Turbomachines: old challenges, new solutions
By   |  May 07, 2014

Turbomachines may never be simple to optimize but decisive progress has recently been made in the ability to predict their efficiency. With the help of specialized simulation and modeling tools, turbomachinery engineers are now capable to improve every aspect of system performance.

Brad Hutchinson
Vice President of Industry Marketing, Turbomachinery, ANSYS Inc.

The turbo sector faces the pressing challenge of increasing the energy efficiency of not only the world’s more than 3 million major turbomachines but also all turbo-related equipment, whether it burns fuel directly (as in the case of gas turbines), whether energy is consumed in the process of driving the machines (as with industrial compressors), or whether it extracts energy from a flow stream (as for water turbines). It’s been proven that even fractional improvements in fuel performance yield substantial economic benefits. Experts estimate that just a 1 percent increase in fuel efficiency would deliver $30 billion in savings for the global commercial aviation industry over a 15-year horizon. The world’s gas-powered energy plants could realize a $66 billion financial benefit by achieving that same 1 percent improvement [1].

While efficiency is a huge concern, it is only one urgent priority on the agenda of the world’s turbomachinery engineers. Every day, they must balance concerns about operating efficiency or fuel economy with a range of other initiatives for cost and performance improvement. Energy efficiency initiatives are not only driven by cost, but also by environmental concerns, since reduced energy consumption generally relates to reduced carbon emissions (and it is one concrete way of measuring progress and compliance).

For example, according to the International Air Transport Association, in 2012 fuel costs accounted for approximately 33 percent of the overall expenses of the world’s airlines [2] – but the other 67 percent of costs relates to applications that could benefit from improvement as well. To succeed in an increasingly crowded global marketplace, airlines are driving costs out of every area of their operations, including aircraft maintenance. Every innovation that targets fuel efficiency – such as new composites materials that reduce weight – must meet a host of other performance criteria. They must be proven durable enough to also reduce lifetime maintenance and repair costs. And, of course, composites must demonstrate sufficient strength to ensure passenger safety under a full range of flight conditions.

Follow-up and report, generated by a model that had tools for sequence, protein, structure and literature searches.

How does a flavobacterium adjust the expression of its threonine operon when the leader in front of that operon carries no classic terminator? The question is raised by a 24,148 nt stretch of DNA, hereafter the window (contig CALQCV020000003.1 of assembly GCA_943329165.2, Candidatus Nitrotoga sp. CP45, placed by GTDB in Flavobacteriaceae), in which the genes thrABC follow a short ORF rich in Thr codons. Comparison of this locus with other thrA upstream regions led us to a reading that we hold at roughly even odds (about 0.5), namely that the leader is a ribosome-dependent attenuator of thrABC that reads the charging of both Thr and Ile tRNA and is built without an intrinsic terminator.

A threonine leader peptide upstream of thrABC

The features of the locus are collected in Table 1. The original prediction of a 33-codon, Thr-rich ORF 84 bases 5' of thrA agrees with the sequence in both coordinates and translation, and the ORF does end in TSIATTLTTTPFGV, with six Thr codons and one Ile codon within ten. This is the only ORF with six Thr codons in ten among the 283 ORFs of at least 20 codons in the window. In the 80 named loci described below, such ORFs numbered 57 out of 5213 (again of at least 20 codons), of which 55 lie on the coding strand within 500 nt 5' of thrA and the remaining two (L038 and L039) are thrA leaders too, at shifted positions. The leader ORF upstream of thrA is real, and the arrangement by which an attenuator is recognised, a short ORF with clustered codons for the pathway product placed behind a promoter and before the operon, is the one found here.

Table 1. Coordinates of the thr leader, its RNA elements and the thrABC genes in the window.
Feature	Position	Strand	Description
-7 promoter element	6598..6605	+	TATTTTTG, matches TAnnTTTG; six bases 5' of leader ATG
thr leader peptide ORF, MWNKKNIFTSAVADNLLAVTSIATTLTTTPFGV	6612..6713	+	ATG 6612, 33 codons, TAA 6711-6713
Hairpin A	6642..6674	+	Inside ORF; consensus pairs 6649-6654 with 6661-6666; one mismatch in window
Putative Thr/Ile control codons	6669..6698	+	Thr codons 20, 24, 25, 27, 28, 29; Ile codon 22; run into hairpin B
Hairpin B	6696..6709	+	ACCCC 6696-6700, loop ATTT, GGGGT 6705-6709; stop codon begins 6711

Engineers of turbomachinery for automobiles, power plants and other applications face similar Catch-22 engineering challenges. While the universal mandate for increased efficiency receives an enormous amount of attention – as well as a large percentage of R&D dollars – the reality is that it is just one performance consideration. Optimizing reliability, safety, operating flexibility, noise, maintenance, environmental impact and time to market are other design pressures that turbo engineers feel acutely.

Because of ongoing demands to improve performance, turbomachinery engineers were among the first to embrace the power of engineering simulation. From the earliest days of simulation use in the sector, product developers recognized the power of building, testing and verifying their advanced systems in a cost-effective, low-risk virtual world. By identifying performance issues at an early stage, before making large investments of time and money in prototypes, turbomachinery engineers have made incredible strides in continually improving overall design robustness, along with introducing innovative performance features.

As product development teams in this segment face more intense pressures than ever before, engineering simulation has risen to the top of the list as a critical competency. Computer-aided design tools help to elucidate performance trade-offs at an incredible level of detail. Engineers can readily learn how their specific energy-efficiency initiatives such as increased combustion temperatures affect related performance features like materials strength and durability. By providing insight into these trade-offs, engineering simulation has supported the development of many important technology advancements in turbomachinery.


[1] Evans, P.C.; Annunziata, M. – Industrial Internet: Pushing the Boundaries of Minds and Machines, GE, November 26, 2012.

[2] Fact Sheet: Fuel.



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